This is how today got to be Migration Day #8. Yes, that's right, it's Migration Day #8. But, no, you haven't missed anything. While I’ve been waiting for ‘a departure flyover’ and all of the birds to be at Stopover #1 to begin counting Migration Days, I discovered that Joe has been updating the Whooper Hotline daily counting October 16 as Migration Day #1. Sooo, that is how today, October 23rd, got to be Migration Day #8.
Yesterday afternoon, the last eight birds still on the refuge made an inauspicious departure when they were crated and moved to Stopover Site #1. Hopefully, the strange location will encourage their attentiveness and loyalty to the aircraft on the next leg of the migration.
A whooping big thank you from the Class of 2009.


Date: October 31, 2009 - Entry 1
Reporter: Liz Condie
Subject: WIND-CONSIN OR WET-CONSIN?
Location: S. Juneau Co. WI
Last year, for obvious reasons, we took to calling the Dairy State, 'Wind-consin'. This year however, 'Wet-consin' has been struggling mightily to wrest away the title - and it may be winning. Yet another fight broke out between them last evening as Wind fought Wet in a titanic battle that raged on through the night.


Date: November 1, 2009 - Entry 2
Reporter: Liz Condie
Subject: BREAKING NEWS 8:40am CST-ish
Location: Sauk Co, WI
It appears as if the cranes and planes are coming in to circle the pen at Stopover #3 in Sauk County - and - it appears as if they have all 20 birds. No doubt you'll be as anxious as I am to read the lead pilot's report of today's flight.
Tune in later this afternoon. Note that it could be quite late this afternoon before it can be written and posted. Everyone now has to drive back to the refuge, pack up, disconnect, and secure our motorhomes, hook up trucks and vans to trailers, clean up and break camp, drive the 60 road miles back to our new camp site, and then get set up there.


Date: November 5, 2009 - Entry 1
Reporter: Liz Condie
Subject: SO LONG WISCONSIN - - HELLO ILLINOIS!!
Location: Green Co. WI
DistanceTraveled: Green Co. WI to Winnebago Co. IL - 34.0 Miles
Accumulated Distance: 130.4 Miles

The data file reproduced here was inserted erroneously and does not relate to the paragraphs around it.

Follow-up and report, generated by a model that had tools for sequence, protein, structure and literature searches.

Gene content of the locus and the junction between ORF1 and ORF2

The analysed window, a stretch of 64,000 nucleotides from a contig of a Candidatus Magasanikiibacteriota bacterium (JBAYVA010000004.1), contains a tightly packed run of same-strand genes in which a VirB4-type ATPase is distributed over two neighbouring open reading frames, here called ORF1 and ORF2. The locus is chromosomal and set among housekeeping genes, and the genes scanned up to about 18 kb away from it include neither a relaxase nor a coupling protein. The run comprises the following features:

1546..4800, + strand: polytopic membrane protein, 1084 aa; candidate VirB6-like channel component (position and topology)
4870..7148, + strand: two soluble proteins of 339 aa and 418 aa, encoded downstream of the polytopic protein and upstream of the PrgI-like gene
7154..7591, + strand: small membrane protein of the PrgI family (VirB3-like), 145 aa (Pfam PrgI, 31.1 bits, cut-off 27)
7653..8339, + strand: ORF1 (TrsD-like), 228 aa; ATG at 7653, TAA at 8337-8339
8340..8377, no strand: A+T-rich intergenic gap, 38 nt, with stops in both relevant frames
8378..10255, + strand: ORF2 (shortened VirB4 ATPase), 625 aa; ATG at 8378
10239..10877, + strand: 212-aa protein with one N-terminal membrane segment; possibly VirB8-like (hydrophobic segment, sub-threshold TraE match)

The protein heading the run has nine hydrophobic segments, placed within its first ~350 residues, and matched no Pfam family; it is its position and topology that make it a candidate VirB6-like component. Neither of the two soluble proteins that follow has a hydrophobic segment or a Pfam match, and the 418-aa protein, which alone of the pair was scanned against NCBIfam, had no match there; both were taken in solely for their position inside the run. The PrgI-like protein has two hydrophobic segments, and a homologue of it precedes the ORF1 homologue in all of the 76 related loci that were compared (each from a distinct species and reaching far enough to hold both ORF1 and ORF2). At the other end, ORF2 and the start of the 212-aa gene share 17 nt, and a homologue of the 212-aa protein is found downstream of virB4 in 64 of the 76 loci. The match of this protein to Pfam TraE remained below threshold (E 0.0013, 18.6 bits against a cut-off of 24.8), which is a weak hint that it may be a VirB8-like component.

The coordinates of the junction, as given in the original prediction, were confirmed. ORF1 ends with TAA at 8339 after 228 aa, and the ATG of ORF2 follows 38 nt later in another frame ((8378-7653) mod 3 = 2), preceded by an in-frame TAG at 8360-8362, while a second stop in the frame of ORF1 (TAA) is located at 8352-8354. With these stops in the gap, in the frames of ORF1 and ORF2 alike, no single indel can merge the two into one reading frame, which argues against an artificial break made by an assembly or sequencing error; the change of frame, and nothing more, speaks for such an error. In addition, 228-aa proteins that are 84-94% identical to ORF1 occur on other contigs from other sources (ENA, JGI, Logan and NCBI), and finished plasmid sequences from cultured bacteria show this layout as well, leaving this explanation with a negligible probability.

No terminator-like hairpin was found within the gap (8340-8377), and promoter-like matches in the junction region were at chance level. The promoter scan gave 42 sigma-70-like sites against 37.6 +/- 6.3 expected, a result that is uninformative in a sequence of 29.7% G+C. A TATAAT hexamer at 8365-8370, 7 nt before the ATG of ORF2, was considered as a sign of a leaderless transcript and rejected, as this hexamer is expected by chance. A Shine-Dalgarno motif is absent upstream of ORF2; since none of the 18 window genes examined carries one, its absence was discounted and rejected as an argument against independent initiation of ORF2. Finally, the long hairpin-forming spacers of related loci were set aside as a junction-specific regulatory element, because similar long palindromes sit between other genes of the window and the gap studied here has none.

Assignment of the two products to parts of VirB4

As you can tell by the subject line above, we've left Wind-consin (or Wet-consin) behind and are now in flyway state number two, Illinois - or as Brooke calls it, "the land of flat".
As darkness fell yesterday it got colder and colder. That was good news. The return of the chilly temperatures heralded a change in wind direction. As the winds swung around from the south to blow from west and then from the NW, the temperature continued to drop.
By early morning it was 29F, and while we had almost negligible westerly surface winds there were gusts up to 2mph. Aloft the NW winds were stronger, reading around 10mph which meant if it wasn't to trashy, the planes and cranes would have a tailwind to give the a little push.


Date: November 7, 2009
Reporter: Liz Condie
Subject: Migration Day 23
Location: Winnebago Co. IL
As with yesterday, today's weather is not amenable for a flight with cranes and planes. We have a mild 54F. But even on the surface the winds are strong, 5 - 9mph out of the SW, and aloft they are blowing a stiff 35 to 40.
Whether you say it in Spanish, - demasiado viento; in French - trop de vent; or in German - zu windig, it's too windy. This will be Down Day #2 in Winnebago County, IL.


Date: November 8, 2009 - Entry 1
Reporter: Liz Condie
Subject: Migration Day #24
Location: Winnebago Co. IL
If, instead of being in Illinois, we were in Holland, Poland, or Italy, we would describing this morning's conditions as: te winderig, zbyt wietrznie, and troppo vento, respectively.
Yes, once again it's too windy for the cranes and planes, so this will be Down Day #3 in Winnebago County.